Tuesday, 20 May 2014

UK Interest Rates – putting off the inevitable

Higher interest rates are on their way but are still too scary to talk about

An economic recovery is a timid creature that can be scared away merely by saying the wrong thing.  That is the implication behind statements coming out of the Bank of England which has played down the possibility of higher interest rates.  The Bank of England cut interest rates to a record low more than five years ago, but improvements in the UK economy mean that we are nearing a time when interest rates will have to return to “normal” levels.  This may still be a fair way off considering that the Bank of England seems to think that the subject is too frightening to even discuss.

Why are higher interest rates needed?

It may seem funny to talk about fears in the market at a time when UK stocks are near record highs.  However, many of the gains over the last few years have come with the support of central banks.  Low interest rates coupled with quantitative easing have prompted investors to dive into the stock market in search of better returns.  The property market has also benefited with asset prices in general booming despite the weak economy.

The hope has been that the extra wealth generated as a result of rising asset prices would prompt people to spend more.  This plan has worked to a certain extent with consumer spending being one of the main drivers behind the economic recovery in Britain.  Yet it has also created a problem in that a reversal in this new-found wealth will have the opposite effect and send consumers running for cover.  This line of thought suggests that it would be great if interest rates could be kept at the current low levels.  However, an increase is inevitable.

The main concern for any central bank is that cheap borrowing will create excessive demand and push up inflation.  Your Neighbourhood Economist has argued that these worries about inflation tend to be overblown.  A more pressing problem comes from the UK property market.  Housing prices have surged upward, recovering at a rate considerably faster than that of the overall economy.  This suggests that such gains in property prices are likely to be unsustainable and may cause trouble in the future.  This situation is made worse by the UK government being unwilling to offer much help in stimulating the economy.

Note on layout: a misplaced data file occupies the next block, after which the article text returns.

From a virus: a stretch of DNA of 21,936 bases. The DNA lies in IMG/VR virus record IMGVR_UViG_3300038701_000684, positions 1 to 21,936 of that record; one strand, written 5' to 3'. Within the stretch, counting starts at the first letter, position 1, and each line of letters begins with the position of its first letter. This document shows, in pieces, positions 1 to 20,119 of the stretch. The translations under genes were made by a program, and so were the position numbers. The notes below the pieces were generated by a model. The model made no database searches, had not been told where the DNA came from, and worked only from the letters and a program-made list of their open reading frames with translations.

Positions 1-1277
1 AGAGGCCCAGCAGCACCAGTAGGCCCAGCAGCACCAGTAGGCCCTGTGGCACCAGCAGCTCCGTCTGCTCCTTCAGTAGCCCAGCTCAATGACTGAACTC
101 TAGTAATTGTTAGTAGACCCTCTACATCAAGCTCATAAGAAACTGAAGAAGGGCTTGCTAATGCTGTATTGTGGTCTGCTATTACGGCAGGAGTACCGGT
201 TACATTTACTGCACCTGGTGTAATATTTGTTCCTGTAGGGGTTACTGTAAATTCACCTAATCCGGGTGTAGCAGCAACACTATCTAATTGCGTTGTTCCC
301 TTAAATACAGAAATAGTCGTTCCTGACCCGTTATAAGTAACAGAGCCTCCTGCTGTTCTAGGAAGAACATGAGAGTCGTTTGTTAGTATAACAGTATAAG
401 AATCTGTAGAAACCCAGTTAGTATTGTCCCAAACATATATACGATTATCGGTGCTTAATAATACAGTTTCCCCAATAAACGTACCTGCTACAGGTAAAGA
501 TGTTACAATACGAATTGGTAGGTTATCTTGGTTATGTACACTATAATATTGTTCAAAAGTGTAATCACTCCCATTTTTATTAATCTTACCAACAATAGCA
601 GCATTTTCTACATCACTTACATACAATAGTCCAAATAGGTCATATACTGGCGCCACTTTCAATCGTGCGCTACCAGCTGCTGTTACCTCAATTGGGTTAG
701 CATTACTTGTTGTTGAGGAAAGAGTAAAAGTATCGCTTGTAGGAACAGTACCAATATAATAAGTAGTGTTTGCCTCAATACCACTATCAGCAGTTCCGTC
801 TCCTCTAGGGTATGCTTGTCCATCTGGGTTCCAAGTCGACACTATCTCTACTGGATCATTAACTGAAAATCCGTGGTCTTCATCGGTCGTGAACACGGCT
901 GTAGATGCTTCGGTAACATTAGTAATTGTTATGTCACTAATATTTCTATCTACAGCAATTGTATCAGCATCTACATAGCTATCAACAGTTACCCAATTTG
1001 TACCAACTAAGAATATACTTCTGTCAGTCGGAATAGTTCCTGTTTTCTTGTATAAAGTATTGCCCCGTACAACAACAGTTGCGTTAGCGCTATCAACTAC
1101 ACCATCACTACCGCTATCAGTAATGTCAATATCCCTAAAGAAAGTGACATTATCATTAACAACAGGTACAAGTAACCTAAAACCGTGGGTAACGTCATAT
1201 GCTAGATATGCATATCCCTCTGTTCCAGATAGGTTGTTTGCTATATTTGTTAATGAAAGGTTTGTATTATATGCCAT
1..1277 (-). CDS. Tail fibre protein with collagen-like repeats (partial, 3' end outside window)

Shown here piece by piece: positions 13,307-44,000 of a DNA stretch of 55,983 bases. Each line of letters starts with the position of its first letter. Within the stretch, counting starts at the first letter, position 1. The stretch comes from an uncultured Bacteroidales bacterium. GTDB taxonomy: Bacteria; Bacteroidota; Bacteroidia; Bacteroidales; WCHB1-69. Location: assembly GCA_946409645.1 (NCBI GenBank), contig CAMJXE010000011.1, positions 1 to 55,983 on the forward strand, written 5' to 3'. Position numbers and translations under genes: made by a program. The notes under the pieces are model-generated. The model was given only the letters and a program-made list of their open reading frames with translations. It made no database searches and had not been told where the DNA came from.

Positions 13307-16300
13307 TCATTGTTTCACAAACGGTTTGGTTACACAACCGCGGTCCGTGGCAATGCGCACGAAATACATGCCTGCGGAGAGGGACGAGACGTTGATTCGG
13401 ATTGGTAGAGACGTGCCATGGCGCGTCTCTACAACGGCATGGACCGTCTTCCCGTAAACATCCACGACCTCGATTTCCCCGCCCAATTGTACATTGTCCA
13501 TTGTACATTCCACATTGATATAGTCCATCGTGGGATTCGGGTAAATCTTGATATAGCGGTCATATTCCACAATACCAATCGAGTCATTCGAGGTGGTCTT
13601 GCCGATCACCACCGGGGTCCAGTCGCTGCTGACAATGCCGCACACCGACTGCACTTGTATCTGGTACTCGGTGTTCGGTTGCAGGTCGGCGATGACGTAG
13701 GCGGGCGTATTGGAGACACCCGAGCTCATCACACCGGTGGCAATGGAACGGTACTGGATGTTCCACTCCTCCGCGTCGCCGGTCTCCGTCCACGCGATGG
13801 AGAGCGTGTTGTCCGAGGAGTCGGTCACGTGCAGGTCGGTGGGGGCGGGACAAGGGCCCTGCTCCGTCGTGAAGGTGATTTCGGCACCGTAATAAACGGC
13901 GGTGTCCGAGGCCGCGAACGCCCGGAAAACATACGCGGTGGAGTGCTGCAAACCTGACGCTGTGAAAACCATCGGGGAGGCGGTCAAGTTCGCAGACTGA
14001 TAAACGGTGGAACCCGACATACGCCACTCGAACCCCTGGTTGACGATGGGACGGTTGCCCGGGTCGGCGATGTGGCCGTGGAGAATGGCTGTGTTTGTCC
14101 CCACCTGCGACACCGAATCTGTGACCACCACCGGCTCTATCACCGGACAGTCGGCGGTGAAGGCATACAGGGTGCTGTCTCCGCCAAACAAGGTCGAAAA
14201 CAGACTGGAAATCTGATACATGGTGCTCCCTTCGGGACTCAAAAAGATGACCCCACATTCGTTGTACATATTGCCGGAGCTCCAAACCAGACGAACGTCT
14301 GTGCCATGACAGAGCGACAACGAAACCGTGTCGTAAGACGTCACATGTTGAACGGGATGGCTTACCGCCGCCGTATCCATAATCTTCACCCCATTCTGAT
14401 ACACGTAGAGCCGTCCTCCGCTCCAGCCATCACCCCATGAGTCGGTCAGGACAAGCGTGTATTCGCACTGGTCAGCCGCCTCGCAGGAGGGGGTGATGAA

What is so scary?

The central bank is caught at a junction where the long-term costs of low interest rates are becoming more obvious relative to the short-term benefits.  Acting too soon could damage a still fragile recovery while problems such as the booming property market could get out of hand if interest rates stay low for too long.  There will be a point where the Bank of England decides that worries about a premature interest rate hike outweigh that of the potential long-term costs but we haven’t reached that stage yet.

The caution shown by Carney in his recent statements suggests that the UK has yet to approach a point where higher interest rates can even be discussed as a possibility.  This partly reflects the possible outcomes facing the Bank of England.  A stalled economic recovery that results from a hike in interest rates would be one of the most dreaded outcomes for a central bank.  On the other hand, the effects of problems such as a housing bubble or excessive debt are only felt years later.

Low inflation adds to the reasons why the Bank of England might take a more cautious approach.  Inflation is not likely to cause trouble anytime soon given weak gains in wages and a strong pound.  A further factor to consider is that the Bank of England will feel the need to forewarn both borrowers and investors that higher interest rates are on their way.  All this points to a hike to interest rates being a bogeyman for some time to come.


  1. It’s usually helpful to differentiate between real and nominal rates of interest. As inflation falls and nominal rates remain unchanged then the real rate of interest actually rises.
    Real rates have been in negative territory for governments with large fiscal deficits. This has reduced the deficit burdens even without QE.
    Borrowing rates for consumers have hardly changed. Can a reduction of 2% on a credit card A.P.R. of 20% be expected to make any impact on consumer borrowing ?
    A past discussion in the Economist mentions how “ it’s hard to find a strong, empirical connection between movements in real interest rates and movements in consumption.” http://www.economist.com/blogs/freeexchange/2013/10/are-real-rates-too-high-or-too-low
    The real motivation in cutting rates was to get companies investing to increase capacity, jobs and growth. The interest rate cut has failed to have any noticeable impact in this regard. Many companies don’t need to borrow – they are sitting on piles of cash. Corporate confidence in the longer term prospects seems to be falling short regardless of what survey results tend t show. In the UK corporate confidence is probably impacted by three things:-
    a) Prospects of a UK exit from the UK;
    b) Or even worse the election of a Labour prime minster with Hollande like tendencies in 2015; and
    c) The Scottish referendum.
    Globally there is worry about climate change and yet to be determined prevention measures, Ukraine, China hard landing (does anyone really believe in any of their official statistics?).
    As regards “UK stocks are near record highs.” What is the FT100 index not reported inflation adjusted terms. Adjusting for prices makes more interesting analysis and a different perspective. It would have to be way over the 9000 mark today to match the 2000 peak. http://www.aboutinflation.com/inflation-adjusted-charts/world-indices-inflation-adjusted-charts/ftse-100-index-inflation-adjusted

  2. Thanks for your comments. There are some good points in there and I don't have much more to add.